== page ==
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2012 年に撮影されたこの NASA の写真の中央では、グリーンランド北西部のピーターマン氷河が徐々に海に向かって移動しており、大きな部分が壊れて氷山として漂流しています。 UCIとNASA JPLの研究者らは、3つの欧州ミッションからの衛星データを使用して、暖かい海水がどのように氷河の接地線の移動を引き起こし、氷河の急速な劣化につながっているかを調べた。 クレジット: NASA


新しい研究により、グリーンランドのピーターマン氷河の接地線が潮汐周期中に移動し、暖かい海水によって氷の融解が促進されることが判明した。 このこれまで知られていなかった相互作用がモデルに含まれている場合、海端の氷河の海面上昇予測が 200% 増加する可能性があります。

カリフォルニア大学アーバイン校とNASAのジェット推進研究所の研究者らは、グリーンランド北西部のピーターマン氷河の研究を行っている間に、氷と海洋が相互作用するこれまで見たことのない方法を発見した。 氷河学者らは、彼らの発見は、気候変動コミ​​ュニティが極地の氷の劣化によって引き起こされる将来の海面上昇の大きさを大幅に過小評価していたことを意味する可能性があると述べた。

3 つの欧州ミッション、UCI/の衛星レーダー データを使用[{” attribute=””>NASA team learned that Petermann Glacier’s grounding line – where ice detaches from the land bed and begins floating in the ocean – shifts substantially during tidal cycles, allowing warm seawater to intrude and melt ice at an accelerated rate. The group’s results are the subject of a paper published on May 8 in Proceedings of the National Academy of Sciences.

“Petermann’s grounding line could be more accurately described as a grounding zone, because it migrates between 2 and 6 kilometers as tides come in and out,” said lead author Enrico Ciraci, UCI assistant specialist in Earth system science and NASA postdoctoral fellow. “This is an order of magnitude larger than expected for grounding lines on a rigid bed.”

He said the traditional view of grounding lines beneath ocean-reaching glaciers was that they did not migrate during tidal cycles, nor did they experience ice melt. But the new study replaces that thinking with knowledge that warm ocean water intrudes beneath the ice through preexisting subglacial channels, with the highest melt rates occurring at the grounding zone.

The researchers found that as Petermann Glacier’s grounding line retreated nearly 4 kilometers – 2½ miles – between 2016 and 2022, warm water carved a 670-foot-tall cavity in the underside of the glacier, and that abscess remained there for all of 2022.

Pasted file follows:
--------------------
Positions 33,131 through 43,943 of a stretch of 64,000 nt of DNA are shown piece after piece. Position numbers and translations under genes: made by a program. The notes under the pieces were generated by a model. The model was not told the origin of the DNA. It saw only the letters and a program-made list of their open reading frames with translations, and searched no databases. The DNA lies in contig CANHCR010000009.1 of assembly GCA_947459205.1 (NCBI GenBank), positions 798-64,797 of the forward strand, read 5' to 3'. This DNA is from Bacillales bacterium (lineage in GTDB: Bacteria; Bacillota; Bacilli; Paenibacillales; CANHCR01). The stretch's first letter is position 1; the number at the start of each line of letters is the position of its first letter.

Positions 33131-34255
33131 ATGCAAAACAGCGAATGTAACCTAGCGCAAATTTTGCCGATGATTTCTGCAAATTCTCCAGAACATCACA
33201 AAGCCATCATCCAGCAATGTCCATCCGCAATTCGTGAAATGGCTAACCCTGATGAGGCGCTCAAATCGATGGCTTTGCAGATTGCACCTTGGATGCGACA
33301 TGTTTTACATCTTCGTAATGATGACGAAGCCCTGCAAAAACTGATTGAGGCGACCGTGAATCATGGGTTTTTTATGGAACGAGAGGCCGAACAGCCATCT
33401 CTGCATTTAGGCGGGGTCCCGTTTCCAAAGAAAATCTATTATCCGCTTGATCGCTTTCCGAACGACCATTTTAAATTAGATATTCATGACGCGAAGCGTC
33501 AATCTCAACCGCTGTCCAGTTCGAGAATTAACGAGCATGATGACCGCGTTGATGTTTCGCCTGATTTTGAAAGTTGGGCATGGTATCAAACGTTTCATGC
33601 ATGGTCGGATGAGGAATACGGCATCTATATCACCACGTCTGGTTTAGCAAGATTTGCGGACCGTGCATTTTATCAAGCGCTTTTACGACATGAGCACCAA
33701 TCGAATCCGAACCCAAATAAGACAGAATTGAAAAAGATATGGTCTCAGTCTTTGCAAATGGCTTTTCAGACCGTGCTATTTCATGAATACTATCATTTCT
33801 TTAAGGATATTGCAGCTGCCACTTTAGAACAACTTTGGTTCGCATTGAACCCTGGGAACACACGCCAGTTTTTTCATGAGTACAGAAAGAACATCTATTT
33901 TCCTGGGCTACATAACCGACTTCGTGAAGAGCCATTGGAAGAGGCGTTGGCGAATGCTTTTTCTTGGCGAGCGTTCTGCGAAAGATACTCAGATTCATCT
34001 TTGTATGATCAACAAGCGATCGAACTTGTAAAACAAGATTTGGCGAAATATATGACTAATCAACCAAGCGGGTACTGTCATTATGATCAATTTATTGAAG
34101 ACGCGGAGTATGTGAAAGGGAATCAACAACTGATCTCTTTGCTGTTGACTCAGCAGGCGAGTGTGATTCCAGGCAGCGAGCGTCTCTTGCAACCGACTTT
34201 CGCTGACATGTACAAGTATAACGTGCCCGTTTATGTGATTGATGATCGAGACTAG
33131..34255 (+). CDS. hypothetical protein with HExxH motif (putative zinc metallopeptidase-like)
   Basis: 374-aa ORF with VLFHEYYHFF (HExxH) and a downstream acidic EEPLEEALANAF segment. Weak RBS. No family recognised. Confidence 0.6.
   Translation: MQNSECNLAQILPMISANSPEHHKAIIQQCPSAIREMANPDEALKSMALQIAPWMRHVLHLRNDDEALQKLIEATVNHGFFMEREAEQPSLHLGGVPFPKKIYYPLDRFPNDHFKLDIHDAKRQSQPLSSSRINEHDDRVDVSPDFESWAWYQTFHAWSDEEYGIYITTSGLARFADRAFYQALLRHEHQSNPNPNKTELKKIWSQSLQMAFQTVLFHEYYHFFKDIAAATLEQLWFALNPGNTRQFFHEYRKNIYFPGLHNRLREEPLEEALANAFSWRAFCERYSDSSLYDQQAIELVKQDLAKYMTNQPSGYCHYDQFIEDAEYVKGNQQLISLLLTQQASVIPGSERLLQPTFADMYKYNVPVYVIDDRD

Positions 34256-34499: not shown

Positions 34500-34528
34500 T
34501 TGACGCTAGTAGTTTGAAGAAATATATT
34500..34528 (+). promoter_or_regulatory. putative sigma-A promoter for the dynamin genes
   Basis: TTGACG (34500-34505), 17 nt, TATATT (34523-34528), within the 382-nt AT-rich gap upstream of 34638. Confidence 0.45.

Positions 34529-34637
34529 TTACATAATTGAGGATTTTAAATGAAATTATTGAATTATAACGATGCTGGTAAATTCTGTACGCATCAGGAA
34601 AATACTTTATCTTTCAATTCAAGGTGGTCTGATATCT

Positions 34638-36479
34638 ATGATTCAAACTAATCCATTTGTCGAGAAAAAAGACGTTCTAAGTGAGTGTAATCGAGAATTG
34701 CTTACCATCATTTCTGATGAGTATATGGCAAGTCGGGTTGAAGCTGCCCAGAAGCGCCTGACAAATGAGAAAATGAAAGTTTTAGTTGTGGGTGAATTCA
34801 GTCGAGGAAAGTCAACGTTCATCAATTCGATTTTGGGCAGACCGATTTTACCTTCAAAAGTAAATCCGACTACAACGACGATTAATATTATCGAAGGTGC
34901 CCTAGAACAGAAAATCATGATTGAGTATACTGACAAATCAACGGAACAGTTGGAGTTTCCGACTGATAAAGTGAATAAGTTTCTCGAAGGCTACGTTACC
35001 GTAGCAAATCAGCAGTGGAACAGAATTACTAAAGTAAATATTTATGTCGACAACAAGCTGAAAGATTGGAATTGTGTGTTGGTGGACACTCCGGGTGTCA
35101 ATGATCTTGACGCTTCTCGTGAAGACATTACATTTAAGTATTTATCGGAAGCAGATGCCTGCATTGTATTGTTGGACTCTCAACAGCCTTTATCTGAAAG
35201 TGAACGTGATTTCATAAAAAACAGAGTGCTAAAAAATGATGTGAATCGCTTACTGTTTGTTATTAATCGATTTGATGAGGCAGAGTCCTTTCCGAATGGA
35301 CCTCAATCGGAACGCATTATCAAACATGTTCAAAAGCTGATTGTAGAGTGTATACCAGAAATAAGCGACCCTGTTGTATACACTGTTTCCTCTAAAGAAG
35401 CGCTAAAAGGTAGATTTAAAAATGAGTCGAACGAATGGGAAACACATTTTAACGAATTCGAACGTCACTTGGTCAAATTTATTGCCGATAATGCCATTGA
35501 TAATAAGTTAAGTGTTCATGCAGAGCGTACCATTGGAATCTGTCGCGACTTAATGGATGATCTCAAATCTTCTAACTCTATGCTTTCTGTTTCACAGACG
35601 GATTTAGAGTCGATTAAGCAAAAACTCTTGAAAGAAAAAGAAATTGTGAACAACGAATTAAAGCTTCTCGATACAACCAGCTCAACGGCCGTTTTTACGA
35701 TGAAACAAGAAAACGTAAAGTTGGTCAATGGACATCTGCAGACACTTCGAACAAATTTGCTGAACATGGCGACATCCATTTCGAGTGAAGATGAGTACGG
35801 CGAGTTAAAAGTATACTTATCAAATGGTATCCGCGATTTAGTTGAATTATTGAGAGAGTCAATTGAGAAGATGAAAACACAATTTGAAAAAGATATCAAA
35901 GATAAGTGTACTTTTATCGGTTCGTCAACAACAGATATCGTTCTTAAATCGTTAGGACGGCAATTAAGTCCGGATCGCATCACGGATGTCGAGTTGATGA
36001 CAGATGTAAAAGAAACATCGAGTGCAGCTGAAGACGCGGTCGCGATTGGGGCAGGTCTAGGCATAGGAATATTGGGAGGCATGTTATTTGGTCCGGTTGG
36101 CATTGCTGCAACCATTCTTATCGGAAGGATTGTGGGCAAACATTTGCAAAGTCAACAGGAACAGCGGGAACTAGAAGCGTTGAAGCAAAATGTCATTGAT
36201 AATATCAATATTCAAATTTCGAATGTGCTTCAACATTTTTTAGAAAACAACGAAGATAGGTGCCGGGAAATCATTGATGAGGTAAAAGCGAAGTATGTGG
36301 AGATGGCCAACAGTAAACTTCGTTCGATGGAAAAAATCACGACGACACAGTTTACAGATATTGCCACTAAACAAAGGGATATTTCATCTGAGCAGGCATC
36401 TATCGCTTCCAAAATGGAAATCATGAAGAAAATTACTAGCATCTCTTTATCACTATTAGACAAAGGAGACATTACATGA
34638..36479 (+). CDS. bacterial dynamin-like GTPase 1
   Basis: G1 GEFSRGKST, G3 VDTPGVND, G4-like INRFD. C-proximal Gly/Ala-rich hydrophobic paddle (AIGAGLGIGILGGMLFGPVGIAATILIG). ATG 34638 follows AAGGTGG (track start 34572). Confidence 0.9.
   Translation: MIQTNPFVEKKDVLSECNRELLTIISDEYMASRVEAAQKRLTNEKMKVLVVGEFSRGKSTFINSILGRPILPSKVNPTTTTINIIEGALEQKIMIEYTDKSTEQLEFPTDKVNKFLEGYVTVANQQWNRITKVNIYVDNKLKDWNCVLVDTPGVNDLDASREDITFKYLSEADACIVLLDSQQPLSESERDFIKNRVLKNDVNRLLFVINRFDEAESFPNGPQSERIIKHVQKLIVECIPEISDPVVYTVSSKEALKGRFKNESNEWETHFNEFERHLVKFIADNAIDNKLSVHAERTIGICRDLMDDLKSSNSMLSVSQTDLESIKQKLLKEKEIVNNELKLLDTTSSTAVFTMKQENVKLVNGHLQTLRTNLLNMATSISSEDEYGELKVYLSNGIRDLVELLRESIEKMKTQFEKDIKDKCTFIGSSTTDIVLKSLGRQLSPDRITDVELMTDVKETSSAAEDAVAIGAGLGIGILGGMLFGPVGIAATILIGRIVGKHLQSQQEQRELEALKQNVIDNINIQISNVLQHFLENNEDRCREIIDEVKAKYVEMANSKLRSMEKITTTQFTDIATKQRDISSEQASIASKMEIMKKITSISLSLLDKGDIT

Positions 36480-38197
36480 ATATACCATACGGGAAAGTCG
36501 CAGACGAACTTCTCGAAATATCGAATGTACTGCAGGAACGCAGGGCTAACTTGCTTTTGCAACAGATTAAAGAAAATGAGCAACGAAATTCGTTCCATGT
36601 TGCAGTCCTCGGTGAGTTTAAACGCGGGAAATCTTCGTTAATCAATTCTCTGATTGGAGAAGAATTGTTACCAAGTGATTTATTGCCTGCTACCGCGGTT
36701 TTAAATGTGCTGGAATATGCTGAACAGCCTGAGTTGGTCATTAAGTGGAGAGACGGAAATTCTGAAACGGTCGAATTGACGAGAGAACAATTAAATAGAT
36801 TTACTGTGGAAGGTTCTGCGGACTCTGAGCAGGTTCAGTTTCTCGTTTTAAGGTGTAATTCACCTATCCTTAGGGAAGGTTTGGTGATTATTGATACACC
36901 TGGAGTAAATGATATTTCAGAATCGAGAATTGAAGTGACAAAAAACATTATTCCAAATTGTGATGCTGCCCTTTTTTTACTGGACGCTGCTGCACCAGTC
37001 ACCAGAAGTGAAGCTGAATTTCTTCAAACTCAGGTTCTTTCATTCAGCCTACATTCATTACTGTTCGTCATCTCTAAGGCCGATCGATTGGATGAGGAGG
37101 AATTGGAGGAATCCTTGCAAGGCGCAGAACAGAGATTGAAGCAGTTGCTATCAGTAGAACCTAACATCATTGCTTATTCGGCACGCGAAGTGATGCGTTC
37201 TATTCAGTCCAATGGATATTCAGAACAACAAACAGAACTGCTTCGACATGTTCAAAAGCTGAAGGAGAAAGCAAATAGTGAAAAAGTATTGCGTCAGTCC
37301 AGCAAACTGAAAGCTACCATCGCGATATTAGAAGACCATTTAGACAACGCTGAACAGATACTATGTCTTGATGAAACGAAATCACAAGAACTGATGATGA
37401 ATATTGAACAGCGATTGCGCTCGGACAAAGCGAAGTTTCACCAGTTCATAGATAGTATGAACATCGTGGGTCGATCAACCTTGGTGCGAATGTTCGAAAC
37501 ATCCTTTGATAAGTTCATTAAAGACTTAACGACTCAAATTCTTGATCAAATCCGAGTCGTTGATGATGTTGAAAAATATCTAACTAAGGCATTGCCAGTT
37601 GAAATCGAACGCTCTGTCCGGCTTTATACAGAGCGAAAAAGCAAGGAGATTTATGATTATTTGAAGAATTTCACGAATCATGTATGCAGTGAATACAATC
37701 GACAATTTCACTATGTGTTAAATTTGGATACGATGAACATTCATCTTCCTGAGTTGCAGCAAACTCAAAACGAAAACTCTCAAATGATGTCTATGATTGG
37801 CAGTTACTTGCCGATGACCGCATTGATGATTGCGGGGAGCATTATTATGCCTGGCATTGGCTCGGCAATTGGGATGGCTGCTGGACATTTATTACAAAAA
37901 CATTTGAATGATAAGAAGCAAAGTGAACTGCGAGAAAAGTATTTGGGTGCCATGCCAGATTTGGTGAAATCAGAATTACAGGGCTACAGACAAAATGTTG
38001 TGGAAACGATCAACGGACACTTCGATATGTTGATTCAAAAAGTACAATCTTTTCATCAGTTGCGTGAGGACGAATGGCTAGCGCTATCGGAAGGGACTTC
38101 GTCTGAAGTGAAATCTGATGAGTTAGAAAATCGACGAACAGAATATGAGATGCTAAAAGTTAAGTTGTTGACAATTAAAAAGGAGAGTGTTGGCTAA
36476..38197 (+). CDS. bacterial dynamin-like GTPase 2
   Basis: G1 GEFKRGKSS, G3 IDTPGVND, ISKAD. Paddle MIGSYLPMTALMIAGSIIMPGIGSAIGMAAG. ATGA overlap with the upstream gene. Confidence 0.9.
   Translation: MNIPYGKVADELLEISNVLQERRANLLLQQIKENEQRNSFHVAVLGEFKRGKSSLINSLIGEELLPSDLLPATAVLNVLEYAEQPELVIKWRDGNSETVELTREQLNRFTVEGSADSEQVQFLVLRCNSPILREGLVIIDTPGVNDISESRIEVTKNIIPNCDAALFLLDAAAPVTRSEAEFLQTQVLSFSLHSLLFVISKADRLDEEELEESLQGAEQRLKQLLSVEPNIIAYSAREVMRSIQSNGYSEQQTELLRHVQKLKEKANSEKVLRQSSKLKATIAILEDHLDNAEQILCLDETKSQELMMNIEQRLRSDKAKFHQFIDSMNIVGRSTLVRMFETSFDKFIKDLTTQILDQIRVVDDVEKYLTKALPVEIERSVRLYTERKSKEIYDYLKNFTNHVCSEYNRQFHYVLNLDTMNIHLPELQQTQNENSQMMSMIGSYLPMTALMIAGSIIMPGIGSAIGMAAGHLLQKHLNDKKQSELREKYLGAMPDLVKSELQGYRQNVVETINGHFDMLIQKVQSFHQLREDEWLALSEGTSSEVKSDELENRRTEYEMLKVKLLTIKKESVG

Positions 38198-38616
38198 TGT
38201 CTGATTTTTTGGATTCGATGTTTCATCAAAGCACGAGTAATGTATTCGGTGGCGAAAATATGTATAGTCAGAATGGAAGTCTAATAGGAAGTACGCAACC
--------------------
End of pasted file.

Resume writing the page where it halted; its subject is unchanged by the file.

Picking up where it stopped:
“These ice-ocean interactions make the glaciers more sensitive to ocean warming,” said senior co-author Eric Rignot, UCI professor of Earth system science and NASA JPL research scientist. “These dynamics are not included in models, and if we were to include them, it would increase projections of sea level rise by up to 200 percent – not just for Petermann but for all glaciers ending in the ocean, which is most of northern Greenland and all of Antarctica.”

The Greenland ice sheet has lost billions of tons of ice to the ocean in the past few decades, the PNAS paper stresses, with most of the loss caused by warming of subsurface ocean waters, a product of Earth’s changing climate. Exposure to ocean water melts the ice vigorously at the glacier front and erodes resistance to the movement of glaciers over the ground, causing the ice to slide more quickly to the sea, according to Rignot.

Reference: “Melt rates in the kilometer-size grounding zone of Petermann Glacier, Greenland, before and during a retreat” by Enrico Ciracì, Eric Rignot, Bernd Scheuchl, Valentyn Tolpekin, Michael Wollersheim, Lu An, Pietro Milillo, Jose-Luis Bueso-Bello, Paola Rizzoli and Luigi Dini, 8 May 2023, Proceedings of the National Academy of Sciences.
DOI: 10.1073/pnas.2220924120

Ciraci’s research was supported by the NASA Postdoctoral Program at the Jet Propulsion Laboratory. Joining Ciraci and Rignot on the project were Bernd Scheuchl, UCI associate project scientist; Valentyn Tolpekin and Michael Wollersheim of Finland’s Iceye mission; Lu An of China’s Tongji University; Pietro Milillo of the University of Houston; Jose-Luis Bueso-Bello of the German Aerospace Center; and Luigi Dini of the Italian Space Agency.


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